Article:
The Reason I Jump by Naoki Higashida: Autism from the inside

Naoki Higashida has written a sparkling collection of Q&As, reflections and stories which describes like with autism from a first-hand perspective.

The Reason I Jump
Naoki Higashida
Translated by K A Yoshida and David Mitchell
Sceptre, 192pp, £12.99
When we think of autism, we think of solitude – of the child who prefers to play alone, away from the hurly-burly of the rest of the class, or the adult who would rather not join in with everyone else this weekend, thanks all the same. Collectively, we have been trained by our understanding – or lack thereof – to think that leaving autistic people alone is for the best, that it is what they want.
In The Reason I Jump, Naoki Higashida shows us how wrong we are. Shows rather than tells, that is, for although Higashida is autistic and was only 13 years old when he produced this book, his words flow smoothly, with no hectoring quality to his tone. His frequent pleas for understanding and patience as he tries to answer such questions as “Why do people with autism talk so loudly and weirdly?” and “Why are your facial expressions so limited?” never cease to humble you as you read.
Part question-and-answer text and part short story, The Reason I Jump has been translated into English by the twice Booker-shortlisted author David Mitchell and his wife, K A Yoshida. The couple first came across it in the original Japanese and it offered them a crucial breakthrough in understanding what their autistic son was experiencing. As Mitchell writes in his introduction: “It felt, as if for the first time, our own son was talking to us about what was happening inside his head, through Naoki’s words.” Now, by translating it, they hope to share the insights it provides more widely.
Fictional representations of autism-like traits, such as in Mark Haddon’s The Curious Incident of the Dog in the Night-Time and Dustin Hoffman’s Oscar-winning turn in the 1988 film Rain Man, make us think we know what to expect when we encounter the real thing. But as Mitchell explained in a recent piece for the Guardian, the avalanche of articles and books on dealing with autism that he and his wife received from well-meaning friends and family when their son received his diagnosis only emphasised our collective ignorance. Most advice bears little relation to reality. How do you explain that your son has bruises on his head because he likes to bang it on the floor, hard, up to a dozen times a day? A wise therapist advised Mitchell to put a foot between his son’s head and the floor “so the impact is softened” but it took Higashida’s writing to help the frantic parents understand why their son felt compelled to hurt himself in this way.
Every page dismantles another preconception about autism. For a start, Higashida writes mainly in the plural – we need your help, we need your understanding – as if he is not alone but part of a great community of silent children around the world. He explains that it’s physically painful for him to hold back his “weird voice” (that loud, thick, overworked diction that autistic people sometimes use) because it feels “as if I’m strangling my own throat”. And the concept of time makes him anxious, because although he can see the hands on the clock move, he can’t feel the passing seconds rushing past him like the landscape does when he runs.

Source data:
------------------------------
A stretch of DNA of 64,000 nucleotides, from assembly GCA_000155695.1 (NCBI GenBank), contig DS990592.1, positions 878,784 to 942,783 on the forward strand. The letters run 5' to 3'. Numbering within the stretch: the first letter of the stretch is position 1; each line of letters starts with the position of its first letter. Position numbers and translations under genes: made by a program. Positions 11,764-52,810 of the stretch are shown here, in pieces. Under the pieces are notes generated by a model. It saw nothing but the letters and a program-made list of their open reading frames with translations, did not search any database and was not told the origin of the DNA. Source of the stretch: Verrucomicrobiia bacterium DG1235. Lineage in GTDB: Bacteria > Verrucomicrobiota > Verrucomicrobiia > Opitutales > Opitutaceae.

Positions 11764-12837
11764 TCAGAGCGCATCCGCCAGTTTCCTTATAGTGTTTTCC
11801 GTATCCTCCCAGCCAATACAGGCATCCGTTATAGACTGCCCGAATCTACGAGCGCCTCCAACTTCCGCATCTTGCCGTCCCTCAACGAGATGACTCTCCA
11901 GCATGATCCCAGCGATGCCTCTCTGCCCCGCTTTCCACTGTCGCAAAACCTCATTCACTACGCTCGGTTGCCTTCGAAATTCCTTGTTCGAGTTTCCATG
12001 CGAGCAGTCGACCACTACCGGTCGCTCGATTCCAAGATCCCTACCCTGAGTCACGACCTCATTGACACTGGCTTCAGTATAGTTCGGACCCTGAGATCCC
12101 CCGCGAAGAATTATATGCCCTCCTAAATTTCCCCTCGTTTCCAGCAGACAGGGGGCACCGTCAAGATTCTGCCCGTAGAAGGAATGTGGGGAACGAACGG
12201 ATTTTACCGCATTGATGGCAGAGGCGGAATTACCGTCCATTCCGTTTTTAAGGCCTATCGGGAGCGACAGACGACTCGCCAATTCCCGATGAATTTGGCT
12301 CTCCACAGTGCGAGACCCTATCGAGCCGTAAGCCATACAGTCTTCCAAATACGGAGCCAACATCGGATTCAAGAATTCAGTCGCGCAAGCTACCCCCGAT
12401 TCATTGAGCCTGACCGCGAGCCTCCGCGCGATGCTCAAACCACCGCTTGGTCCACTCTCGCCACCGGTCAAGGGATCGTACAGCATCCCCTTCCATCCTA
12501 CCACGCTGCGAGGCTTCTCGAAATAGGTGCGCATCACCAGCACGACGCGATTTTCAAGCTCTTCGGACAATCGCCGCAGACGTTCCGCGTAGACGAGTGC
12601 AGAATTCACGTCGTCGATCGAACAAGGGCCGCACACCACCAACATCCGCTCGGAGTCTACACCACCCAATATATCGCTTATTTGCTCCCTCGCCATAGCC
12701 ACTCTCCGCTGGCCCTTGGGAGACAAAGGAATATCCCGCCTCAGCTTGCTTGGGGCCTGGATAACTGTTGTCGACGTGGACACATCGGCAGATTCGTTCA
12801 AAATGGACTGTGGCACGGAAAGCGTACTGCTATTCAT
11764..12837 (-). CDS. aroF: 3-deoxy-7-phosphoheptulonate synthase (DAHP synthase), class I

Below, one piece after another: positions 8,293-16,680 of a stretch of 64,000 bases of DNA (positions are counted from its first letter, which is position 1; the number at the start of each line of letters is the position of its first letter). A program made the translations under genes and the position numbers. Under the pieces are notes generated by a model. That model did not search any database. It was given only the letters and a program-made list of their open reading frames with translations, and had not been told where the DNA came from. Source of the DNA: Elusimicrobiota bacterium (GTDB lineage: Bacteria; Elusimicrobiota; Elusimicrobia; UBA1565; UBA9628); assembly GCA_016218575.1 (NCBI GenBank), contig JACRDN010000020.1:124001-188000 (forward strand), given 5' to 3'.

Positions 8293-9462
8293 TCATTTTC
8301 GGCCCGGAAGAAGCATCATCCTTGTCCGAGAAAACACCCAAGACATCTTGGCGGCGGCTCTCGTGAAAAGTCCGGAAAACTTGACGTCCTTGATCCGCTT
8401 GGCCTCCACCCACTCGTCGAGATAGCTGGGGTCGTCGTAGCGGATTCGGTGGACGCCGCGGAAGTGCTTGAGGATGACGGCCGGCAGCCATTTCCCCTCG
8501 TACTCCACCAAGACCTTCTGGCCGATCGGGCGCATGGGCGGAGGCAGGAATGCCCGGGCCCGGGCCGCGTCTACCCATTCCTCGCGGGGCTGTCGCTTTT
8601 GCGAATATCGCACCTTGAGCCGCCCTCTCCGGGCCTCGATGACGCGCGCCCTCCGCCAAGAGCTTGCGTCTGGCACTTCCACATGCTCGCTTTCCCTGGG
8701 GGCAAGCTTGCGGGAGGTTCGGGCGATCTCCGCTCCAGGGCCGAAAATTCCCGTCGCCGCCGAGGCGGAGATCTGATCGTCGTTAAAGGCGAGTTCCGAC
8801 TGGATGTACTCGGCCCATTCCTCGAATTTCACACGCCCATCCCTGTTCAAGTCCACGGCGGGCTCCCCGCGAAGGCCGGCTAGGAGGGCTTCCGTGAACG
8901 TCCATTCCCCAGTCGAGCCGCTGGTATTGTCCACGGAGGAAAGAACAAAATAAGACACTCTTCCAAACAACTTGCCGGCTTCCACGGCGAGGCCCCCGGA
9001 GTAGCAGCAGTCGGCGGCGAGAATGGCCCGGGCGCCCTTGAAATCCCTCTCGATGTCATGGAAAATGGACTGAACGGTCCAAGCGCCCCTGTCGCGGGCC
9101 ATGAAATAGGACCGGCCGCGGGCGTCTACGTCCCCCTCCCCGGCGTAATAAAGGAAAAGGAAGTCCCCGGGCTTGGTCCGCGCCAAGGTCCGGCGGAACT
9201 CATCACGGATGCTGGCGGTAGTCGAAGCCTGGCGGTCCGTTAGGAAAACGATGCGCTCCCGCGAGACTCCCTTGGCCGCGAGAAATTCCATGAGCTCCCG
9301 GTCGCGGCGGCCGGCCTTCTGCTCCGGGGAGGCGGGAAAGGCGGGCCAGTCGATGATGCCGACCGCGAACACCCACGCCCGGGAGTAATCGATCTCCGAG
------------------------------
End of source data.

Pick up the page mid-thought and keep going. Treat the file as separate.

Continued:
At first glance, the book can be read as a manual for autism and it is certainly helpful in that regard. We assume that autism is a disease of the interior – a mysterious malfunction that happens inside the sufferer’s head. Higashida, with what I imagine to be a wry smile on his lips, uses both his answers and his stories to show us yet again how wrong we are. He explains that trying to control his body is “like remote-controlling a faulty robot” and that every aspect of autism that affects his mind has a corollary in his physical existence. If you try, as you read, to link your mind to his as he describes his thoughts, you start to get little hints of what it must be like to have no sensation of where your legs and arms are attached or to have limbs that feel as if they are “a mermaid’s rubbery tail”. It isn’t pleasant.
Higashida’s language is precise and has a poetic quality that elevates it far beyond a self-help book for the parents of autistic children. His fictional stories, also included in this book, vary in length from a few lines to dozens of pages and are united by their beautiful simplicity. They all share a strong single theme, namely, that even if living is different and difficult, you can still find companionship and happiness. As he proves in his answer to the question implied by the book’s title – “Why do you jump?” – Higashida is grasping at something universal about the human mind: “When I’m jumping, it’s as if my feelings are going upwards to the sky. Really, my urge to be swallowed up by the sky is enough to make my heart quiver.”
Once you understand how Higashida managed to write this book, you lose your heart to him. It’s a slim little volume, but in order to write a single word he had to select and point to each character on an alphabet grid drawn on paper, while someone sat beside him transcribing the words he formed. His autism is such that dictation was out of the question and computers were too distracting. Every letter was painstakingly chosen and deliberately selected. With all the effort that has gone into putting these words before our eyes, it’s impossible still to think that autistic people prefer their loneliness. Higashida has shown us that they are just waiting for us to have the patience to listen to what they want to say.